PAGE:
Although this week has been designated for cardiac catherizations, Dr. Sable is in charge of echoing children that need surgery or a catheter procedure and need to be placed with an organization for sponsorship. As I mentioned before, the cath team here is relatively new and only focuses on less complex cases. This means that there are many problems that cannot be fixed in Uganda. There are organizations (Samaritan’s Purse, Chain of Hope, Gift of Life) that sponsor children to go abroad to receive operations. To be accepted there are many steps involved including an echo detailing findings and heart anatomy. The first day there were about 35 patients waiting outside the door to be screened. It is both rewarding and heartbreaking knowing that some kids will receive the chance of a lifetime while more than half will probably never be accepted into one of these programs because they are too sick or too high risk. Some of the patients even mentioned that it was their 3rd or 4th year in a row coming back to UHI hoping to be sponsored.


potentially the most adorable child in the world

potentially the most adorable child in the world

If I were to shadow a cardiologist in the US (not that I know any…), I would probably spend a lot of the day seeing children, brought in by worried parents for no reason, who are completely normal. Unlike at home where we are all convinced by WebMD that we are dying for some reason or another (I’m guilty too) and unnecessarily head to the doctor (or in my case my parents room), here you only come to the hospital if you are very sick. I have been able to see so many unique and complex abnormalities this week, including a child with only one ventricle (you should have 2), a child with trisomy 18 (Edwards syndrome), and a child with a Holmes heart. Unfortunately, there was also a child brought in with severe RHD that will probably not make it more than a year. I think in my head I tried to tell myself that if those in Gulu were near a well-equipped and capable medical center then they might be okay. This RHD case was a reality check and made me vocalize what I already knew; once you are in the severely symptomatic stages of RHD there is not much you can do. These children would need valve replacements, which are extremely tricky as well as expensive, and not really an option in Uganda.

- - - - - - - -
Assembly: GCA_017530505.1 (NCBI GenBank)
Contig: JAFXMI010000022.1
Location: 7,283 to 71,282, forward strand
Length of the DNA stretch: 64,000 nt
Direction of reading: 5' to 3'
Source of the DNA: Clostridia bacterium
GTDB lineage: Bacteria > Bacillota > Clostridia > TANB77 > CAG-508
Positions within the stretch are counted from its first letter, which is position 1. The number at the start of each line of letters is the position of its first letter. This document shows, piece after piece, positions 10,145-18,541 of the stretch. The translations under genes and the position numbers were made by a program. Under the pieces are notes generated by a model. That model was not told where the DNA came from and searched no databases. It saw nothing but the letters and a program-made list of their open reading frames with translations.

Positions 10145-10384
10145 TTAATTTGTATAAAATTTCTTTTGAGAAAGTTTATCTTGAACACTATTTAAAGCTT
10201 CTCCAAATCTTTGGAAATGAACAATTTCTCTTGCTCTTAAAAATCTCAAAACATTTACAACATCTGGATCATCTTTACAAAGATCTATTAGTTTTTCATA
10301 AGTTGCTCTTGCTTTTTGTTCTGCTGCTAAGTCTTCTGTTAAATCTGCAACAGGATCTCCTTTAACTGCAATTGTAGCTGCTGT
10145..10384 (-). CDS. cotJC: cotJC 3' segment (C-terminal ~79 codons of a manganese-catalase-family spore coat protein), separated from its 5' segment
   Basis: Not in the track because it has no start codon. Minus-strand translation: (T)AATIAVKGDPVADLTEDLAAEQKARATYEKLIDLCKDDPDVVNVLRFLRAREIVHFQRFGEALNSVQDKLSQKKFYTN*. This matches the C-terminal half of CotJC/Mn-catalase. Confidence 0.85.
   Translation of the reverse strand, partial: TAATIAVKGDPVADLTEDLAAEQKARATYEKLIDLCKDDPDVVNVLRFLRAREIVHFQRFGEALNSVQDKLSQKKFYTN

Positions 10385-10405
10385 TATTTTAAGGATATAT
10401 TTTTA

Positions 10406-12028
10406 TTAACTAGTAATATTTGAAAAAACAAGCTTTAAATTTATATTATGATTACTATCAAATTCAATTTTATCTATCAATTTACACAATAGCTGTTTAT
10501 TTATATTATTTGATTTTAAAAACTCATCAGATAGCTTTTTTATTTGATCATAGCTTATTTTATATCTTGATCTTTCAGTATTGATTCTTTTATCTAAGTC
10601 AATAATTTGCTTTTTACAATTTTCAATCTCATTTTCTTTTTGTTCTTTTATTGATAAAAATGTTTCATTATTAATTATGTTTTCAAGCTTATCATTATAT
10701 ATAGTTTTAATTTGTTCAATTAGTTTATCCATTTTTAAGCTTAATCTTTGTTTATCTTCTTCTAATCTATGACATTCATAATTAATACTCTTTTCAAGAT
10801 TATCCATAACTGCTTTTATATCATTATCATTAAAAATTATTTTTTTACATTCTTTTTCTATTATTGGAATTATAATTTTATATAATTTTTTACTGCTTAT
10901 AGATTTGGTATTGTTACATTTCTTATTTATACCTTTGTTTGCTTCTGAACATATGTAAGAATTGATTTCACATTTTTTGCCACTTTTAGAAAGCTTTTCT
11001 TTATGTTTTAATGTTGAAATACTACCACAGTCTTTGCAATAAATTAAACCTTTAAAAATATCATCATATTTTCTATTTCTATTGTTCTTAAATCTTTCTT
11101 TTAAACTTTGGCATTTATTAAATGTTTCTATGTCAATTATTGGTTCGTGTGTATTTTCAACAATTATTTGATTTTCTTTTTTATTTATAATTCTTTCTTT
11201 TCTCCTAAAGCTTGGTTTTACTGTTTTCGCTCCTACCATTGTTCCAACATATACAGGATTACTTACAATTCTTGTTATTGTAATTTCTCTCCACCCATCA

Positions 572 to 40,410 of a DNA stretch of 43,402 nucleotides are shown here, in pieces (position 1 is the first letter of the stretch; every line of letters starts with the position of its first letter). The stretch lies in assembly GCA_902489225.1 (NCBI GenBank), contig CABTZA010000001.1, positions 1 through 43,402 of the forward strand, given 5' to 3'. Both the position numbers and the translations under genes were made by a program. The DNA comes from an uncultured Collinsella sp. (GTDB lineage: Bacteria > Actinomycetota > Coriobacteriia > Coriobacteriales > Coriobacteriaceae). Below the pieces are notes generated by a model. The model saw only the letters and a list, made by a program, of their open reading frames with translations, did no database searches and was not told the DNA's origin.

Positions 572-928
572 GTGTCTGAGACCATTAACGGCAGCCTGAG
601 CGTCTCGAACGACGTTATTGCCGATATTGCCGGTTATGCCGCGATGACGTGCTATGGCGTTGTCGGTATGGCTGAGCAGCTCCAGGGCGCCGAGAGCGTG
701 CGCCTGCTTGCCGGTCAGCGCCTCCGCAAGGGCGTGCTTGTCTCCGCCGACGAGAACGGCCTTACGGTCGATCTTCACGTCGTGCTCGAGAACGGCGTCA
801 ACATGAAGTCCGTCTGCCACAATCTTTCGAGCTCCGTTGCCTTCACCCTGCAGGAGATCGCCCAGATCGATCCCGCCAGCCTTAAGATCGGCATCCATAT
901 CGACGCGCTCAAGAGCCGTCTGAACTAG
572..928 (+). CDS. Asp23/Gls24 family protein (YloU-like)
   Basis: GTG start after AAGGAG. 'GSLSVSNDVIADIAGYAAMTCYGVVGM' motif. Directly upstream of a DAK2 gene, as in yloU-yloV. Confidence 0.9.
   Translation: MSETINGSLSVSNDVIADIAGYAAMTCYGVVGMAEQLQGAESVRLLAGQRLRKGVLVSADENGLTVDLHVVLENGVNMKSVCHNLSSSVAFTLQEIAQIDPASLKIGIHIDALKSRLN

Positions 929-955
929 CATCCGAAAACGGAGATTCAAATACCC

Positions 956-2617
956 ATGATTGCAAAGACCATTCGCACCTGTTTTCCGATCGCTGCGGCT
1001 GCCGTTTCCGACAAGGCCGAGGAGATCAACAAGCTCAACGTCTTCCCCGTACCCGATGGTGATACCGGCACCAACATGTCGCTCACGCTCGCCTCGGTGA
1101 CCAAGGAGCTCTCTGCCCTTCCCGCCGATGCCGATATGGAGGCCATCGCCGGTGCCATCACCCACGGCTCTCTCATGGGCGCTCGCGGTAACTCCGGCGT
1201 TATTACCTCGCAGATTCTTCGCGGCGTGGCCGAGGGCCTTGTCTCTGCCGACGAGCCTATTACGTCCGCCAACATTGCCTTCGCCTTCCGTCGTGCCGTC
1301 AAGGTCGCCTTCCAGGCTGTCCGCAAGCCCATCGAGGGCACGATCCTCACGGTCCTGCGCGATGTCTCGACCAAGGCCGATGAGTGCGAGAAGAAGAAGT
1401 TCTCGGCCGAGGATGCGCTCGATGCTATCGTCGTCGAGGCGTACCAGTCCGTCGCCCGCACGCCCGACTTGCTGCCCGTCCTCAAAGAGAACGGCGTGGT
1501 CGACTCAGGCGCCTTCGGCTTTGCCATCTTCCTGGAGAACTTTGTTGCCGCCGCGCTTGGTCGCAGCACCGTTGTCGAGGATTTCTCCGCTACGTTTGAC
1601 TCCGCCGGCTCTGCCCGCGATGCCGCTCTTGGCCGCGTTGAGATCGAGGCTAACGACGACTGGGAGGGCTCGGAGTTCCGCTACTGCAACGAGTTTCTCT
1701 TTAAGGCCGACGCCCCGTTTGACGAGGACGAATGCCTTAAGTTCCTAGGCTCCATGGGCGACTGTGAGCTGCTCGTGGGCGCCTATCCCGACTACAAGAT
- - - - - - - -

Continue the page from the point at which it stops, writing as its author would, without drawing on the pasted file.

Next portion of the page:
In addition to helping screen these children and scribing for their echos, I was able to watch some of the procedures happening in the cath lab. For those of you that are not familiar with cardiac catheterization, they can be done for many different reasons and involve placing a flexible tube (catheter) in a blood vessel, usually the femoral artery, and threading it to the heart, which avoids having to crack the chest (hopefully). They are performed as a diagnostic tool or can be done to fix a less complex problem such as a PDA. Because you don’t crack the chest, there really isn’t too much to see by watching one of these procedures, however I was still grateful for the opportunity, especially because Twalib performed one of the caths I was able to see.



Twalib performing a diagnostic cath on a 7yr old girl

Twalib performing a diagnostic cath on a 7yr old girl

Tomorrow begins the start of “surgery week” and I am really excited about the potential to go into the OR and watch some of these procedures. In addition, a 14 year old boy (Eric) whom we echoed on Wednesday and has been coming to the clinic for 4 years to get sponsored, was chosen to have surgery weekend and I am super excited for him! Most of the children that receive procedures happen to be fairly young and do not fully comprehend what is happening. Eric, however, came in this afternoon grinning from ear to ear; fully aware of the amazing gift he is about to receive. I’ll be sure to keep you posted on how everything goes!